Environmental Activists Urge Fossil Fuel Industry to Donate to Hurricane Sandy Relief Efforts
In a press release sent out today, 350.org, a global, grassroots organization committed to solving the climate crisis, is asking supporters to sign on to a petition calling on the fossil fuel industry to help clean up Hurricane Sandy.
According to the group, their offices in Brooklyn flooded last night and thus felt a “tiny sense” of what millions of families are going through. 350.org stated that although there is a deep sadness concerning what happened, there is also anger, as we continue experiencing the affects of climate change.
The organization encouraged people to both donate to the Red Cross and also insist “the fossil fuel industry divert the millions of dollars they are spending to influence the election towards vital recovery efforts.”
The group noted that this industry has spent $150 million dollars influencing the presidential election so far, with Chevron breaking the record for the largest single corporate donation at $2.5 million to a GOP Super PAC.
350.org stated “the industry efforts have paid off,” as the climate crisis has not been properly addressed by politicians. Big Oil still receives $4 billion a year in tax breaks, and for the first time since 1988, climate change wasn’t even addressed in the presidential debates.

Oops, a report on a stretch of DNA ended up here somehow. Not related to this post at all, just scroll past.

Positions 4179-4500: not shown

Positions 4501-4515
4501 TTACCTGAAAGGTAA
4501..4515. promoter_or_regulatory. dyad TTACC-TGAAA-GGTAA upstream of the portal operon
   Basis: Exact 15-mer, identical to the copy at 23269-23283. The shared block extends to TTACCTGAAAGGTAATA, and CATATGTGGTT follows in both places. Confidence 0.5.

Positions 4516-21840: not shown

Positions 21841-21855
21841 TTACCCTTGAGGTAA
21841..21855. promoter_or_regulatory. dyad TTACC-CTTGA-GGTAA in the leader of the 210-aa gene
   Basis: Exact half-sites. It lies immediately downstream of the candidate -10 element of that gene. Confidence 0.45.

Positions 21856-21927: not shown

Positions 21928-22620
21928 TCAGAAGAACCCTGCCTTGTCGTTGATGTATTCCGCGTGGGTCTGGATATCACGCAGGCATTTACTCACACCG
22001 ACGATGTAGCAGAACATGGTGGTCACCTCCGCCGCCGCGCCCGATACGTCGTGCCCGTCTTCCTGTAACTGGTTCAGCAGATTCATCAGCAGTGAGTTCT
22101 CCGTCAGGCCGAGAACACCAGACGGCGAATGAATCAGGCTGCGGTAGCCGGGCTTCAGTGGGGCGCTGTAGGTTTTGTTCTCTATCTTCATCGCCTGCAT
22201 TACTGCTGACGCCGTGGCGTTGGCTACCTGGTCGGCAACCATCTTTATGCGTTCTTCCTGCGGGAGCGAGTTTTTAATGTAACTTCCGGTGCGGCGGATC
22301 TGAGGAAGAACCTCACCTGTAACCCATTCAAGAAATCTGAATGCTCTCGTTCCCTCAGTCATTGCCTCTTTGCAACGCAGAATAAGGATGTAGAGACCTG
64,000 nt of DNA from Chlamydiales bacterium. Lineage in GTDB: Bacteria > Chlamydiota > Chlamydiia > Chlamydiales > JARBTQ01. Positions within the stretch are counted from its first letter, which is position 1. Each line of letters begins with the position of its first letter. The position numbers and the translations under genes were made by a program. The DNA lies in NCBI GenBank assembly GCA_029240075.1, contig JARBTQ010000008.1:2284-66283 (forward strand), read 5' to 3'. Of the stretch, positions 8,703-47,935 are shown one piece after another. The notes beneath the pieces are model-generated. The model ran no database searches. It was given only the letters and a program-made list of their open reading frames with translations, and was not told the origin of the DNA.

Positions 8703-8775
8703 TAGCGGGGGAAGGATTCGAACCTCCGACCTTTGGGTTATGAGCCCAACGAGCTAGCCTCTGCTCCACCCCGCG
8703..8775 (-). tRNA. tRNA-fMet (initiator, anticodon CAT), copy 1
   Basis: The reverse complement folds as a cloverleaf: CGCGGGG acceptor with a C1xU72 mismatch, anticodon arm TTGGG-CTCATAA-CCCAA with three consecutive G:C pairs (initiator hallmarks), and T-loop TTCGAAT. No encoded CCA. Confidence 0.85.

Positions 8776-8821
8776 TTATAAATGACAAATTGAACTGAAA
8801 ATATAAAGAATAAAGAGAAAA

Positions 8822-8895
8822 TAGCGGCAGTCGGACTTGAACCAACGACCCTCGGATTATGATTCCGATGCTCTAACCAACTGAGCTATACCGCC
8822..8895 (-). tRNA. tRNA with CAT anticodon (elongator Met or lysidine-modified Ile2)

The organization stated that now is the time we “make polluters pay for the damage they help create.”
350.org listed the following ways the industry has contributed to climate change, and thus Hurricane Sandy:
- By heating the average temperature of the planet, global warming puts more energy into storms.
- Since warm air holds more water than cold, the atmosphere is about 4% wetter than it was in 1970, leading to heavier rain falls that make flooding more likely.
- Storm surges now ride on sea levels that have risen over the last century due to global warming, amplifying flooding losses where the surge strikes. In the Northeast United States, sea levels are rising up to four times faster than the global average, making this area more vulnerable to storm surge and flooding.
- Right now, sea surface temperatures along the Northeast U.S. coast are about 5°F above average, which is likely to help keep the storm powered up and load moisture into the storm, fueling heavy rain. September had the second highest global ocean temperatures on record.